I loved this article. I am building my fine art photography biz up again and really enjoyed your tips here on new ways to market. I agree it is always about the relationships!! Thanks again for all you do. 🙂

  • Well-heeled buyers and advocates often want the EXPERIENCE. They want to be able to tell their friends and family about you and your piece and how you established the relationship. That is the VALUE you are giving. Too many sellers think of value as $$.

  • I don’t know what you mean about cheating. Smart marketing is not cheating. Proactively working to introduce one’s art to affluent buyers can make the difference between success and mediocrity, or worse, failure.

  • I really enjoyed this article. Thanks Barney. It amplifies what I was starting to notice myself. 😀

  • What great advice. As I venture out to gallery shows and events where I know full well there are affluent prospects and collectors, I often wonder about their point of view, their perspective on life to better understand where they are coming from and being able to relate to them on a personal level. I know it’s a large topic, but could you expand on this level of society?
    You write:

    “You do not have to be like them to sell to them. You just need to know where they are coming from and how they look at life.”

    I have heard of perceived value with pricing towards the affluent, but at what point are you pricing yourself out of the general market where most galleries are marketing to?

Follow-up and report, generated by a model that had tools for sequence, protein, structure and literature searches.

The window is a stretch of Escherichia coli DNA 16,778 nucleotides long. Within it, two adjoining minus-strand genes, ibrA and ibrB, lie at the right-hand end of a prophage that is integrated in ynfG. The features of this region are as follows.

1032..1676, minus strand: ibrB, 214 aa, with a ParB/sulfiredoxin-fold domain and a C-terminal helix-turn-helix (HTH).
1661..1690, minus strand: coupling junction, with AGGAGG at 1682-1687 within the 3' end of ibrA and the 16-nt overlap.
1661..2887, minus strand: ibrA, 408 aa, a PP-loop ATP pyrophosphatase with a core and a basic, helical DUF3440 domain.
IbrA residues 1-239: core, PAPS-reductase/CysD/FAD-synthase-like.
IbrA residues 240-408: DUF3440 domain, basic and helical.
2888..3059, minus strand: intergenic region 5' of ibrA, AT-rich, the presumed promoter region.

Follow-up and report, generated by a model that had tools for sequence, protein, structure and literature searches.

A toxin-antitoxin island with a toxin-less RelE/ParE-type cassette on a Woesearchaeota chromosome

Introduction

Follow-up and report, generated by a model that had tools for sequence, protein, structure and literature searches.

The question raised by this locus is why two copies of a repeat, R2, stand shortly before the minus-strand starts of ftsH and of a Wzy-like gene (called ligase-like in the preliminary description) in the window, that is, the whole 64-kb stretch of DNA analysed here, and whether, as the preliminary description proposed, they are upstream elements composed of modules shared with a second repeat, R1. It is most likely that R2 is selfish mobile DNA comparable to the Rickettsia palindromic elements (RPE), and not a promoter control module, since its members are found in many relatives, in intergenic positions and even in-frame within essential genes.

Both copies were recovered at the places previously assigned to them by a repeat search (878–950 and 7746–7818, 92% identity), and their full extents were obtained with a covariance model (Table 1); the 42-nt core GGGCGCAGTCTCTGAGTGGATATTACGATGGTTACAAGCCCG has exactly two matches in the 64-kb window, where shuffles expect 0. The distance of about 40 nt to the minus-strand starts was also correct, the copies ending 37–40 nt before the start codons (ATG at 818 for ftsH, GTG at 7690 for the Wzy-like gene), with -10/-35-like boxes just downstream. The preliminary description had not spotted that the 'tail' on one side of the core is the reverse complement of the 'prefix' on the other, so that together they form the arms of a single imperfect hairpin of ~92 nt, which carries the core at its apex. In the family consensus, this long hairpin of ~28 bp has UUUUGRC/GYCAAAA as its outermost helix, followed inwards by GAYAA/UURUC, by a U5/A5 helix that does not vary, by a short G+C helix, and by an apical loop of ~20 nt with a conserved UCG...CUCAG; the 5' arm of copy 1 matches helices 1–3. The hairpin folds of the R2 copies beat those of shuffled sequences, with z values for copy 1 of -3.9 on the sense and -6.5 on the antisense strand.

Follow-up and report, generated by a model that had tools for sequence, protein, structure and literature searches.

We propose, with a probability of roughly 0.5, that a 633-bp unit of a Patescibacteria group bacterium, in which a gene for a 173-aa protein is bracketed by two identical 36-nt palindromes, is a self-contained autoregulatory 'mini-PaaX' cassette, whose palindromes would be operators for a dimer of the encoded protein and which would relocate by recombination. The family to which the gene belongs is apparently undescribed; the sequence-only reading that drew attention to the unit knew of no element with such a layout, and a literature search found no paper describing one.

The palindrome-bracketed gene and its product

• What an amazing post Barney!! I agree 100% – I’ve been doing exactly what you have outlined for many years and it has really worked for me. The added bonus is that all of my collectors have become friends and I have made many many new friends & great connections with people that haven’t become collectors (yet) or may never for that matter. It’s a lot of fun to boot! Thanks for validating what I have been doing over the years.

    • Thank you, Fiona. It is always a joy to hear from you with your wonderful affirmations. It’s my pleasure to validate you are the bomb! 😉

  • This type of direct marketing has also worked well for us. One part of the equation is to move to an area where there are affluent people with 2nd homes or are likely to vacation in the area. People with high incomes are usually very busy and do a lot of their discretionary spending while on vacation! Studio galleries and studio tours in these areas tend to do better than expected.